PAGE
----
Pursuing Medical Education: The Tumultous Journey Before, Through and After Medical School
Medical education or more precisely an art of producing a doctor who knows the human body from head to toe; a nurse, who should have the knowledge of every cannula size that’s going to be passed in patients’ hands/arms; a therapist who knows the exercises for the Rett Syndrome girl to the obese relative who used to have a burger each dusk and what not! The word ‘Medical Education’ is actually so immense that it has occupied a number of fields in its background. Starting from the history of medicine to the recent technology, this education has expanded into a vast topic to be discussed.
The goal of medical education is to graduate knowledgeable, skillful, and professional physicians but in this learning era, medicine is facing a number of issues which are not negligible at all: entry in a medical college, the time spent there, public and private medical schools, quota system, expenditures in different sectors, quality of education provided, gender discrimination, teaching methods, medical curriculum, language problems, lack of facilities for the students, political influences, further opportunities, and the list goes on.
Commencing my views, one of the biggest challenges, one is facing before entry in this field is the race, the competition in between! The problem is not with this struggle but the the scarcity of opportunities available accordingly. Admission to a government medical college is highly competitive, thousands of learners applying, and limited number of seats. Moreover, in a developing country like Pakistan, medical school is not affordable for many parents just because of its expenses, no matter how brightly, their child has accomplished in the past. Another issue is gender discrimination that is widely prevalent in undergraduate medical education.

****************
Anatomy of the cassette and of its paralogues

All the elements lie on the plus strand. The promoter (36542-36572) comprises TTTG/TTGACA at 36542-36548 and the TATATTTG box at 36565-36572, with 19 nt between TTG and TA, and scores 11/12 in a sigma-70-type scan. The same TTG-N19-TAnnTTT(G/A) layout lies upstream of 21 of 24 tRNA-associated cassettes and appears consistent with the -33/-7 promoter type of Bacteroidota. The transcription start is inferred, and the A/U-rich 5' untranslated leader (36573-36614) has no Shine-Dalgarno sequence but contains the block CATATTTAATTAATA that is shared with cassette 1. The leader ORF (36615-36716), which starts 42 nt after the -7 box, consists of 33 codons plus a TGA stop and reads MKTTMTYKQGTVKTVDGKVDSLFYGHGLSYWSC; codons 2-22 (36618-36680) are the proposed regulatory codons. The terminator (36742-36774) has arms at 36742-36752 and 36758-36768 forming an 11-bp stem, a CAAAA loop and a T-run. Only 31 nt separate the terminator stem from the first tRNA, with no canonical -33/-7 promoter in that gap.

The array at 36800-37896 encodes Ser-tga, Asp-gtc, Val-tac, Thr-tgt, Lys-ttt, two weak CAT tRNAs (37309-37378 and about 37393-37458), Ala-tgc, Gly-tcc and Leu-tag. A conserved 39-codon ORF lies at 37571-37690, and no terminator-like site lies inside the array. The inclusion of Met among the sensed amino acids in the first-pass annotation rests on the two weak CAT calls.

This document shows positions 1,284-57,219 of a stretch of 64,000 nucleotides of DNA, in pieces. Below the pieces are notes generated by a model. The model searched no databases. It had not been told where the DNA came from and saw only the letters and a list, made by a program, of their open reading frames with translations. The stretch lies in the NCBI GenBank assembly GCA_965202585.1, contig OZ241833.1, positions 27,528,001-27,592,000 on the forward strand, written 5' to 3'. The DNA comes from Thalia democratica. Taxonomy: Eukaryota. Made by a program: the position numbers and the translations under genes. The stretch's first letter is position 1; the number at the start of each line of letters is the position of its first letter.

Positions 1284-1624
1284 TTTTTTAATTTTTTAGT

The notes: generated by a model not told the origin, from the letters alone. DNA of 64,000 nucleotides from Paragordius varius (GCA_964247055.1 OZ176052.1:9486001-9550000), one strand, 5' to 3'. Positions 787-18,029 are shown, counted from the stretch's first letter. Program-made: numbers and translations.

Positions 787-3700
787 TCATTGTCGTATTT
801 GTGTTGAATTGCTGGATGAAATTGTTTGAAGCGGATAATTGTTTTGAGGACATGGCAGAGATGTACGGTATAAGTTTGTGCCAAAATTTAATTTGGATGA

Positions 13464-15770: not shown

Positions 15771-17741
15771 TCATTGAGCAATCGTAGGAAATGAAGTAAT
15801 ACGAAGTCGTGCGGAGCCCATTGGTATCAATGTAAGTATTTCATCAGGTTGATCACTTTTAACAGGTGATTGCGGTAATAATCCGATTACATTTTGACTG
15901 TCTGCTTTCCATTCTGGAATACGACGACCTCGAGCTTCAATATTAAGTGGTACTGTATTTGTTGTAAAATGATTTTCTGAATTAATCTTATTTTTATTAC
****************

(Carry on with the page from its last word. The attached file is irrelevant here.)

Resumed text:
After this, becoming a physician is a long road. 5 exhaustive years of medical school and then residency training followed by more specialized training called a fellowship program. Residency and fellowship training combined can last about up to 7 years, depending on the specialization. So, the grand total of time spent for most people is about 11-15 years of life that is too long.
Many medical colleges nowadays have resorted to the new Multimedia projecting of Powerpoint presentations by the lecturers. Unfortunately this use of technology is not to much avail because the students just sit there and listen to the lectures, go home and rote learn them and they are done. Whatever happened to imparting concepts that human lives depend on?
Besides all above facts, one of the most significant things is that the various studies have documented stress among students of medicine and related professional careers like, dental, nursing, pharmacy and paramedical sciences. It is usually observed that medical students undergo tremendous stress during various stages of the MBBS course. There is a high rate of suicide among them.
The higher level of psychological morbidity warrants need for interventions like social and psychological support to improve the quality of life for these medical students. Student advisers and counselors may train students about stress management. There is also need to bring about academic changes in quality of teaching and the evaluation system. A prospective study is necessary to study the association of psychological morbidity with demographic variables, sources of stress and coping strategies.
Importantly, students choosing careers as physicians need to embrace the collaboratively effective physician role rather than quest after the sovereign physician role. Students preparing for medical school should pursue experiences working within systems to solve complex problems. Students matriculating into medical school must commit to serve while learning from the beginning of their curriculum. Medical education must be part of the solution to the complex problems facing our health care delivery system today.
About the Author: Naila Asghar, is a student of 3rd year, MBBS at Dow Medical College, Dow University of Health Sciences, Paksitan. She also works as a volunteer for Patient’s Welfare Association (PWA), Civil Hospital, Karachi, Pakistan. Naila can be reached at [email protected]
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